And I think another aspect of the comfort and the return was staff really kind of checked each other and felt comfortable reminding people that, “Hey, you know, put your mask on,” because at first it was not something that people were used to. I think now it’s become second nature to have a mask on. We’re doing it in the office and at home and, you know, in public. So, having employees check each other has worked as well. And then we’ve also, like I said, tried to still have a bit of fun. That’s our culture, our mantra is “work smart, play hard, give back.” And we’ve tried to coordinate some socially distant events, we’ve brought food trucks in, and we’ve had some golf tournaments, you know, when it was allowed and made sense. So again, I think it’s, you know, trying to get creative on practices that you’ve had in place, they still want to continue. And I think a perfect example is the MS Team/Zoom meetings. I mean, a year ago it was, you know, I don’t even think I had these on my laptop and now it’s just become commonplace. And again, it’s being able to adapt and then look at new ways of doing things and try to integrate them into the workplace.

Jordan Winter (08:33Go to

Yeah. I saw a funny picture the other day about the new normal with masks and how, when I leave the house or leave my desk and I don’t have my mask, I feel like a superhero cause like, “Oh no, my mask, I can’t leave home without it.”

Trevor Howie (08:45Go to

Yeah. I think you guys have done an excellent job coming in. And I think one of the keys I can say that really has worked is tying some of these new requirements to our culture. I think one thing Govan Brown really prides themselves on is the culture of our workplace. And I think these becoming now part of our everyday and part of our brand, that it becomes commonplace and it sets a little bit of normality for the staff because a lot of this is the health side but it’s also the psychological side. And I think to your point, the communication has amped up. It’s got us all talking a lot more. So a great job. I mean, it’s hard to believe it’s been just over five months we’ve been back into the office. Based on everything you just said, Sarah and Jordan, how has the plan been? Has it been effective?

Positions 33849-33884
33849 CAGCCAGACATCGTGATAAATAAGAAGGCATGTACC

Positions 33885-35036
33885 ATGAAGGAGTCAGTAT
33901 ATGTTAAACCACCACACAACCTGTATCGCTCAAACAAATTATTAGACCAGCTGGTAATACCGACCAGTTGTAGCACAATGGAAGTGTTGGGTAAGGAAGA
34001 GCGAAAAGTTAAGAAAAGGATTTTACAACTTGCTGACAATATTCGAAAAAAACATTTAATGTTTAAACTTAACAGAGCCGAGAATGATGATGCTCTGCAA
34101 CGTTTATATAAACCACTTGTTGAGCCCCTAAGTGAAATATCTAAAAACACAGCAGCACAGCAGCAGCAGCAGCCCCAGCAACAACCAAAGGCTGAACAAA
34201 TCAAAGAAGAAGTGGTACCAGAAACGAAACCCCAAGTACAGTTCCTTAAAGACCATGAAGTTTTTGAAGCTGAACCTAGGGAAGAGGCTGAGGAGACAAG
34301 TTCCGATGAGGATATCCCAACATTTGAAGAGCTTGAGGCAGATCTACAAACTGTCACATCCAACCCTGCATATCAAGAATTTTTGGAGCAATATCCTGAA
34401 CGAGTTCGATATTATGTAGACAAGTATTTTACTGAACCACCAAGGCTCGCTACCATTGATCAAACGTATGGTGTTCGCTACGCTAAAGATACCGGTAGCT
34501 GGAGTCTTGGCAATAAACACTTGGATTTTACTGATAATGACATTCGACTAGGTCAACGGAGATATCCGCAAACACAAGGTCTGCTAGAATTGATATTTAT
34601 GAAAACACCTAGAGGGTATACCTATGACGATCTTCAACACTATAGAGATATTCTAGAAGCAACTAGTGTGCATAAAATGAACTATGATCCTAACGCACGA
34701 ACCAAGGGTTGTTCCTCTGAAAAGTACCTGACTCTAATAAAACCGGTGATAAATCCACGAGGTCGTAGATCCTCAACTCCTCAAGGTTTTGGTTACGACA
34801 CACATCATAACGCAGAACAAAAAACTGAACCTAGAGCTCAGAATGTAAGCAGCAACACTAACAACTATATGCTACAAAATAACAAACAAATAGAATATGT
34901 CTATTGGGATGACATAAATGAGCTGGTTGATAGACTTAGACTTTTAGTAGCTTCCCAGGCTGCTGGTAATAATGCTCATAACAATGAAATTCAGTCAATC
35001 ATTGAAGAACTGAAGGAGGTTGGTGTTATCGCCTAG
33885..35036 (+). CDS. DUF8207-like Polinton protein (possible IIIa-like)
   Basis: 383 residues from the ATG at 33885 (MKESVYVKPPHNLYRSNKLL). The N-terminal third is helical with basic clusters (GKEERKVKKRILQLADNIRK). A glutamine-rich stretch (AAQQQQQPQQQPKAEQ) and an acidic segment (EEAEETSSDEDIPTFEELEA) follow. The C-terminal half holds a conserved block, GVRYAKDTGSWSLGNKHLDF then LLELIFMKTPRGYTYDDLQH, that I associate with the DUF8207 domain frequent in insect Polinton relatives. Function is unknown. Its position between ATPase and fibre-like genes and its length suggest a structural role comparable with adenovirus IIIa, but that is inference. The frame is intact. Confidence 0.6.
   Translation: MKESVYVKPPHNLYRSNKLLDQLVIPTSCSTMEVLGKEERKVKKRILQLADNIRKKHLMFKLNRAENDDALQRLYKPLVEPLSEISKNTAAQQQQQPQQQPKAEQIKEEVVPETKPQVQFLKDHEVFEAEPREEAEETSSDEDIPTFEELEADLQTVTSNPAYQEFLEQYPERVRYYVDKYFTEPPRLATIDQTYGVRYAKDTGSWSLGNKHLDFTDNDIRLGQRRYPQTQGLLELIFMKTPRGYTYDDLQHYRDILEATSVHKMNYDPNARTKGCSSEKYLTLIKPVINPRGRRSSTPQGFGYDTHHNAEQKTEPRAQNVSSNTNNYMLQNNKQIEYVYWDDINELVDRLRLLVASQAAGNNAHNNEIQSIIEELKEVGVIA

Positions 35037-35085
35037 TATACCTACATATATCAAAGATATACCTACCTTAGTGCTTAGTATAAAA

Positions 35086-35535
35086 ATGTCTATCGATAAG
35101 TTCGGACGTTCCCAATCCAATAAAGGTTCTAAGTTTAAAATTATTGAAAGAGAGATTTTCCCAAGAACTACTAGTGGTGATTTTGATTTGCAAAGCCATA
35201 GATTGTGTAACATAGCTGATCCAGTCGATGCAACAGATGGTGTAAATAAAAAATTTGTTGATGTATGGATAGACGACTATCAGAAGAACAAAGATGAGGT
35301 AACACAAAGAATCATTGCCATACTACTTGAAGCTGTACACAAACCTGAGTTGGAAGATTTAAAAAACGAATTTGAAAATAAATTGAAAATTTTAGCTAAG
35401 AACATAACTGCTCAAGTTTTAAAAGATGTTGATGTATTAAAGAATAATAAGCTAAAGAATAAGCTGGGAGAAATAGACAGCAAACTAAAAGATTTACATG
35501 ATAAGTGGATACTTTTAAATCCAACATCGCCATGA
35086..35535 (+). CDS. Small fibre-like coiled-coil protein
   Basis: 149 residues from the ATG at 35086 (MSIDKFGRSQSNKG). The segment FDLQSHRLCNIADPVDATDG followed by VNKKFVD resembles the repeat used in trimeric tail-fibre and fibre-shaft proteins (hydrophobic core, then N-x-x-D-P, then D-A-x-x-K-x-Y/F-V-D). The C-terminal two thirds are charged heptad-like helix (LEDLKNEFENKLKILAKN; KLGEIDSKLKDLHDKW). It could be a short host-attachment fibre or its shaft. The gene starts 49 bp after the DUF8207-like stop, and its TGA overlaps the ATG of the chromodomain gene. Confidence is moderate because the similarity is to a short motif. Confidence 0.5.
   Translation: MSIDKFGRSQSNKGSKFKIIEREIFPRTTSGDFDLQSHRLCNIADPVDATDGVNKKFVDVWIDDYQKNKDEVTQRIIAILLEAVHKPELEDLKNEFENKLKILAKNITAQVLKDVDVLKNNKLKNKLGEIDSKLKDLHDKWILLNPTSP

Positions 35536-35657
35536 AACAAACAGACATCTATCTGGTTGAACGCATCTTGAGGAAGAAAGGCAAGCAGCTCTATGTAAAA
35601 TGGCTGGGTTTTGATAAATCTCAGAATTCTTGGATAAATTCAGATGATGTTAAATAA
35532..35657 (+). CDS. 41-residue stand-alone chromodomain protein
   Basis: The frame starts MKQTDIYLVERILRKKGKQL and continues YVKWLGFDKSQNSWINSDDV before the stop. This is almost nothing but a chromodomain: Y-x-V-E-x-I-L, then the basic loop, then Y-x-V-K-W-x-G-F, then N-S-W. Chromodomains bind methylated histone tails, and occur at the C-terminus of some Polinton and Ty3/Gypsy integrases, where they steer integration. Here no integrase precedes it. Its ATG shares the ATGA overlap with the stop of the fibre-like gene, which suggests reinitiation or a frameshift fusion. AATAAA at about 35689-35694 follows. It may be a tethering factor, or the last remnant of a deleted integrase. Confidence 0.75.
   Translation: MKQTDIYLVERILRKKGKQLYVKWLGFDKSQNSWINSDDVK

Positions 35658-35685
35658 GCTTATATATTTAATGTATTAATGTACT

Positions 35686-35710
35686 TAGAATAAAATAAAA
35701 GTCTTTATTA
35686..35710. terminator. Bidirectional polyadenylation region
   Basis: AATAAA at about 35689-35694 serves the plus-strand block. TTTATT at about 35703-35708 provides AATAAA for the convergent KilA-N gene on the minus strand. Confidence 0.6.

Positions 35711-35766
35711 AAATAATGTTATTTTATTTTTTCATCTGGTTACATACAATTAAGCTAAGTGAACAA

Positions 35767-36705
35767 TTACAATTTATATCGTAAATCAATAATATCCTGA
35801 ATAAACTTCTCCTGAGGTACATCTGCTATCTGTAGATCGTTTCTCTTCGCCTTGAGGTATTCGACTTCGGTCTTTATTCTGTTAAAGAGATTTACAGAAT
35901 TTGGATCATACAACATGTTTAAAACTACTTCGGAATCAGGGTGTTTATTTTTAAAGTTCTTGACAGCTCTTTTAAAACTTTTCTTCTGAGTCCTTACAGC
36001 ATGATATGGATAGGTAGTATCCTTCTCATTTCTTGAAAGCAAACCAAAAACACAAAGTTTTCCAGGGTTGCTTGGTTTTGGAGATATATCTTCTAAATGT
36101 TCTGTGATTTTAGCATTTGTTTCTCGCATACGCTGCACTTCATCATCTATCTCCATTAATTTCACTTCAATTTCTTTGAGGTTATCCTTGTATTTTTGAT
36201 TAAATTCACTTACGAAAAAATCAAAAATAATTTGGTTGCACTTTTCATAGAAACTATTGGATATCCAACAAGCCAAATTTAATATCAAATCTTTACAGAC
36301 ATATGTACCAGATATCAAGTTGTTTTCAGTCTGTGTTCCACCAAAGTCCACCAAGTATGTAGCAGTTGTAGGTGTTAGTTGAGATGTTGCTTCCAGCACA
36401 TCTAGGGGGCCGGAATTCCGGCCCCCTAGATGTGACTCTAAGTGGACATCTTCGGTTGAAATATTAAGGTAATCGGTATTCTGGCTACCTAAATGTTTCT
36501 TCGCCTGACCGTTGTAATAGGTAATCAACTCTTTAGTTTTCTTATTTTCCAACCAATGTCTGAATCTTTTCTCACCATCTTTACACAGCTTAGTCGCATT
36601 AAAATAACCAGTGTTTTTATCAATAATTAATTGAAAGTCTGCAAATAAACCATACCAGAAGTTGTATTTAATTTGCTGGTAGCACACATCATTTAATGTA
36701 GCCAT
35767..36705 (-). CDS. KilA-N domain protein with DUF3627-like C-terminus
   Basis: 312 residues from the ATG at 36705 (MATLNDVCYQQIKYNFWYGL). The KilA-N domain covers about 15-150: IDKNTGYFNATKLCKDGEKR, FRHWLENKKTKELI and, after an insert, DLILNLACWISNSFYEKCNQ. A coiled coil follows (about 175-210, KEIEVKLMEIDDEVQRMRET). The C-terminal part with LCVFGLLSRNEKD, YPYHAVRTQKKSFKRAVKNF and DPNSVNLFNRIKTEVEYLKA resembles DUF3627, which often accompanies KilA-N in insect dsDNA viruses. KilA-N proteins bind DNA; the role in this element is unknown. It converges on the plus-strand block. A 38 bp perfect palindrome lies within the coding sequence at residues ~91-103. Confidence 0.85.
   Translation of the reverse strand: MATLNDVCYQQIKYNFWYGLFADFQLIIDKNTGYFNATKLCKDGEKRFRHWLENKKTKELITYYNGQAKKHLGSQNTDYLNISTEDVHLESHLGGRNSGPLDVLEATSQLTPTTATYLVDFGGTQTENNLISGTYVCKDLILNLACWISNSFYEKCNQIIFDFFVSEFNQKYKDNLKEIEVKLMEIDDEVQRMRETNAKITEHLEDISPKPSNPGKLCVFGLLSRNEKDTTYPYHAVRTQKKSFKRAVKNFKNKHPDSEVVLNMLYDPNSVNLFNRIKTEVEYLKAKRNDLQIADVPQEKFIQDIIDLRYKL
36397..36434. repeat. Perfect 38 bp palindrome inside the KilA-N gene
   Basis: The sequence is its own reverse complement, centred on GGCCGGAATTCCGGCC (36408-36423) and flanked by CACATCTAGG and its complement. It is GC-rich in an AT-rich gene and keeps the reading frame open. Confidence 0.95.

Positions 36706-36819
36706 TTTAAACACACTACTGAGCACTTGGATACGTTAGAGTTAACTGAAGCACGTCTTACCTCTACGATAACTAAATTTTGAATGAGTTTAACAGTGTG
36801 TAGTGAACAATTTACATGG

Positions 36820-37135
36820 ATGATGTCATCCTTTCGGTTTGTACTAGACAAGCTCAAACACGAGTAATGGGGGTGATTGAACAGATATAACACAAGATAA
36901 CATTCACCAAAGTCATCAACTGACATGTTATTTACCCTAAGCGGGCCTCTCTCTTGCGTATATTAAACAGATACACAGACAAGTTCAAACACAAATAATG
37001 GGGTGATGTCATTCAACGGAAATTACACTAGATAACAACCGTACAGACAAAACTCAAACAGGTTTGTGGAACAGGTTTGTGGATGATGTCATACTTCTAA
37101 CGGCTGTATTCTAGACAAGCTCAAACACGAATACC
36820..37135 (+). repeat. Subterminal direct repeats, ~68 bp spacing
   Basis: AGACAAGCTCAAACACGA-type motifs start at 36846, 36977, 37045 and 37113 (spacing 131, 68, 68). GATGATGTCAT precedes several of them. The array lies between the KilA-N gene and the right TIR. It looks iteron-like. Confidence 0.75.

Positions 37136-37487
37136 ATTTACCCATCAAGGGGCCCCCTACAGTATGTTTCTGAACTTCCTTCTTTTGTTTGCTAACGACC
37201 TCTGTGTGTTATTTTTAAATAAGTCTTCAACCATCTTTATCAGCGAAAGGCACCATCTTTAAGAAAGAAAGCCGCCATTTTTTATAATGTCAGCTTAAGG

Sarah Paul  (09:22Go to

Yeah, like I said, we haven’t had any cases, but we’re not getting comfortable. In Canada here, we’re currently experiencing a spike in cases. And we may in due course, you know, next week, tomorrow, be told that workplaces are being shut down. So we’re prepared for that. We’re prepared to return. So I think we just take whatever direction, is was required and is mandated, but overall I think it’s working. Again to Jordan’s point, I think the staff after being away from the routine, from the office, from each other, was tough over those six weeks that we were at home. And certainly in conversations with people, they were really excited about the opportunity to come back. So there was a little bit of good pressure put on us to make sure that we did get this right. The psychological aspect of, you know, making sure people can still focus, but do so in a way that’s safe.

Jordan Winter (10:17Go to

Yeah, and a couple of weeks after we returned, we did allow designers and clients to come into the office for meetings. And the feedback that I saw from them was they were just blown away at what we were able to accomplish and how we were able to fill our office and still, you know, be successful. And they were blown away, it was great feedback.

Trevor Howie (10:32Go to

I think that’s a good segue actually, Jordan, talking about our clients and our industry partners, you know, we obviously dug into this ourselves so we could get back into the office. We truly believe there’s a place for the office. It’s the heart of our culture and where we can all get together and brainstorm and work. We certainly can work remote. We’ve learned that. I think a lot of industries have learned that, but how did our company approach evolve into a service offering that we now offer our clients? I know you and I talked early on as we were going through the taskforce and a lot of clients reached out to you looking for assistance, looking for guidance.

Jordan Winter (11:02Go to